Say it like it is. Why do we go and why do we care? I’ve been asking these questions for several years now, and the answers are becoming more evident. The answers are simple: we go because we are told and we care because we care. Not bad answers are they. No need for explanations, for arguments, for neither a display of defensive maneuvers nor a liturgy of words. Just say it like it is. So I’ll do that.
We leave for Kenya in a few days, 27 of us from the US, meeting up with our 11 Kenyan partners, 9 of whom are our healthcare workers who we trained several years ago. We’ll be traveling to Kajiado for the first part of our medical ministry, and then a small group will travel to the northern part of the country, bush country, in Turkana. We’ll see those who come to us and give what we have, leaving behind the most important aspect of human caring: genuine kindness.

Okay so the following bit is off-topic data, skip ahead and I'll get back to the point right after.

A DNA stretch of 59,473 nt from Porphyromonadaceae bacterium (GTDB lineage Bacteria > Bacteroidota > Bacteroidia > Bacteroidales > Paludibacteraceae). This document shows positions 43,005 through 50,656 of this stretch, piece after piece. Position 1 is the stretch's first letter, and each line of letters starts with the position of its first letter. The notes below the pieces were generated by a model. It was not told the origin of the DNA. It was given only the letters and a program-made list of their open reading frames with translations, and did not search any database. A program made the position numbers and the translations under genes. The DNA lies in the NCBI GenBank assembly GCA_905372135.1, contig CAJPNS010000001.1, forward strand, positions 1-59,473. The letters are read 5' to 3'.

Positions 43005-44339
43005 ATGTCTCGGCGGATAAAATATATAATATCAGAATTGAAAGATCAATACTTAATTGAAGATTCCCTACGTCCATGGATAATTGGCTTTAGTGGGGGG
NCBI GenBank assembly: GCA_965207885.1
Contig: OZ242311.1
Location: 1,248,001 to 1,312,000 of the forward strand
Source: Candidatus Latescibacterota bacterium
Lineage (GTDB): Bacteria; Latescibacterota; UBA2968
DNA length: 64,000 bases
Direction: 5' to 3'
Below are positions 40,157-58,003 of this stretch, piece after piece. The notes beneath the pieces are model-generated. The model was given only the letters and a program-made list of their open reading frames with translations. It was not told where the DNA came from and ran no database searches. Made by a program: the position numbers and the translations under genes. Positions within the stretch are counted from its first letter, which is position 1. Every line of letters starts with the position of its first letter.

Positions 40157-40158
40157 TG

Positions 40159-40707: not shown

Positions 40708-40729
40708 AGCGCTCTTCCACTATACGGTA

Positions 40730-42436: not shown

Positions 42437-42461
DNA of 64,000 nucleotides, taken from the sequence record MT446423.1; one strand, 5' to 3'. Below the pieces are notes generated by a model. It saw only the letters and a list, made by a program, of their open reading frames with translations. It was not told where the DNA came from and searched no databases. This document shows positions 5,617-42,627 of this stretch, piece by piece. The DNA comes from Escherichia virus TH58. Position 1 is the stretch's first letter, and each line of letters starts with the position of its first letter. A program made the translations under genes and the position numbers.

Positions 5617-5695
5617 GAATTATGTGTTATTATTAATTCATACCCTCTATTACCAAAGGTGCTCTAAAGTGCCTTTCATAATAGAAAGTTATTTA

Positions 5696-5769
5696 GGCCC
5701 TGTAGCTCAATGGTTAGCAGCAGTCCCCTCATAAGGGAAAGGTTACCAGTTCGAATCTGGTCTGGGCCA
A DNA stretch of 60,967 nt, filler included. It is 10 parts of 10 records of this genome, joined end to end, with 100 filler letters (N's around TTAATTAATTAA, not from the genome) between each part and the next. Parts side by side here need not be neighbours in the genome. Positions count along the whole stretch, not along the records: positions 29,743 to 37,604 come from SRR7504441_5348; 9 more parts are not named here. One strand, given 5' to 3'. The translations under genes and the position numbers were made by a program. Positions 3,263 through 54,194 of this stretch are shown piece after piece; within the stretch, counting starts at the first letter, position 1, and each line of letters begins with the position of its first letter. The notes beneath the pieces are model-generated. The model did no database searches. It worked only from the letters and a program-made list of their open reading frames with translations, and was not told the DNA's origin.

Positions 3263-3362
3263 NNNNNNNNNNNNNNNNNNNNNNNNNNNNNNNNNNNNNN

There is always the question as to whether genuine kindness is good enough. Shouldn’t we be giving medicines, ensuring continued good health, hygiene, clean drinking water and all things related to a better and healthier life? Of course. And it should be sustainable. But the reality is, all of that is hard to come by, no matter our best intentions. Some of it may flourish, but some may not. So what can we guarantee will be sustainable? For me it is the time we spend with those who come to us, giving them our undivided attention, recognizing them as persons, smiling, holding their hand, listening and yes, hearing their story, being intentional, accountable and giving them the dignity of being who they are without judging or question. Simply, being present when present.
That is what we will be doing. It’s not hard. It just takes commitment and a willingness to give unconditionally. Say it like it is: it’s not what we bring but what we leave behind.
In all things give thanks,